in college i read about vincent van gogh. he was a loon. he was crazy. he cut off his ear and killed himself in a field. he wore the ridicule of his community, not because of his art, but because of his eccentricities. he loved Jesus and desired to give Jesus' love to as many people as possible. van gogh wanted to love people, but any approach he made to people scared them, offended them, pushed them too hard and too far. once, vincent joined on with a batch of miners and walked beneath the earth in an effort to love them, to show them their worth, to communicate that Christ went further beneath the surfaces for their souls than even vincent could go. he was in the mines for only a brief time before he freaked the miners out and they turned him away. van gogh - the man who redefined the way we see the night sky and fields of blackbirds and sunflowers and dirty old boots, the man who anthropomorphized colors - was dangerous in human skin. as don maclean said in his song about van gogh, "this world was never meant for one as beautiful as you."
years have passed since my wayward baptist days, since that time when i was all too willing to parse-out ridicule and send the fanatic running from the mines. years have passed, and i have often been the one who merged towards aggressive affection and veered into relational awkwardness. loving people is a filthy fucking job, especially when love looked like so many desperate fucking things in your life. and i say all this to come to one point: i do not know michael jackson's dirty secrets, nor do i want to. what i do know is that michael jackson was a genius. singlehandedly, michael jackson redefined music, dance, fashion, the entire decade of the '80s. he was an icon, a hero, a god - and a man can only reach heights so high before he implodes. the king of pop? only because he did.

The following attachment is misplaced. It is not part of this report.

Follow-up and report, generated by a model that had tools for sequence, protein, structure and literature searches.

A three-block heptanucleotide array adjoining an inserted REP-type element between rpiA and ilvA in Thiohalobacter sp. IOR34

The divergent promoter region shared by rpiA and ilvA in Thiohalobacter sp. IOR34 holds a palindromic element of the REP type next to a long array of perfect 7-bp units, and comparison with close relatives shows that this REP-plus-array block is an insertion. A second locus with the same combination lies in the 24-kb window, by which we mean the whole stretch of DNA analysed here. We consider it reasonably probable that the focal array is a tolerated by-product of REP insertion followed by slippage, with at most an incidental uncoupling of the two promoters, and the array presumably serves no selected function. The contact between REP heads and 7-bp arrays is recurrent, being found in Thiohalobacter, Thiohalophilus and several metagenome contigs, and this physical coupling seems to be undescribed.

but that man was broken to a degree no one can understand. still, he loved people. he loved children. he loved life and himself and some unseen order of magic that no one could commune with except michael. and somewhere in all of that, michael jackson became the vincent van gogh who walked beneath the surfaces to love people. that much art and beauty and redefinition can only expand so far inside a man before it claims ownership of his other faculties. in the case of vincent and michael, it demanded their souls. and, for entertainment, we watched them dissolve with laughter on our lips.
i was at work tonight when i received the message from jesse robertson. it only seems fair. we were leaving our kansas city apartment together on the morning of september 13, 2003 when the news about johnny cash came over the radio. at the edge of the driveway, i stopped my car in front of jesse, climbed out, walked back to his window, and told him that cash was home. six years later and tonight, jesse told me about michael jackson. i think that makes us about even.
i am not sure why the lives of strangers affect me so deeply. i've never met michael jackson. i'm not sure how he would carry a conversation or approach my wife or speak to my mother. i'm not sure how he handles his children or how he takes his coffee or what name for god he uses when he means it. but tonight i feel a loss. i felt loss when kurt cobain, layne stanley, waylon jennings, johnny cash, and hunter s. thompson left us. their lives - and deaths - stirred something i did not know needed to be stirred, and i welcomed the oddly flavorless grief they brought to me.
michael jackson is no exception.
tonight i feel a loss. a darkness. an awkward void for something i never actually possessed. after all, the only gift michael jackson ever gave me was hour upon frustrating hour in my kitchen on unforgiving 1970s linoleum flooring, practicing a single mode of moving backwards. and he gave me two small 45 records that spun and spun and spun and spun and, eventually, spun me away from my parents' music into my own preferences. and he gave me speechless wonder at the sight of his dancing. he gave me songs. he gave me curiosity. he gave me a boundless sense of wonder. however, even though i cannot hold any of these things before anyone else, i do not feel that i need to.
i, also, am no exception.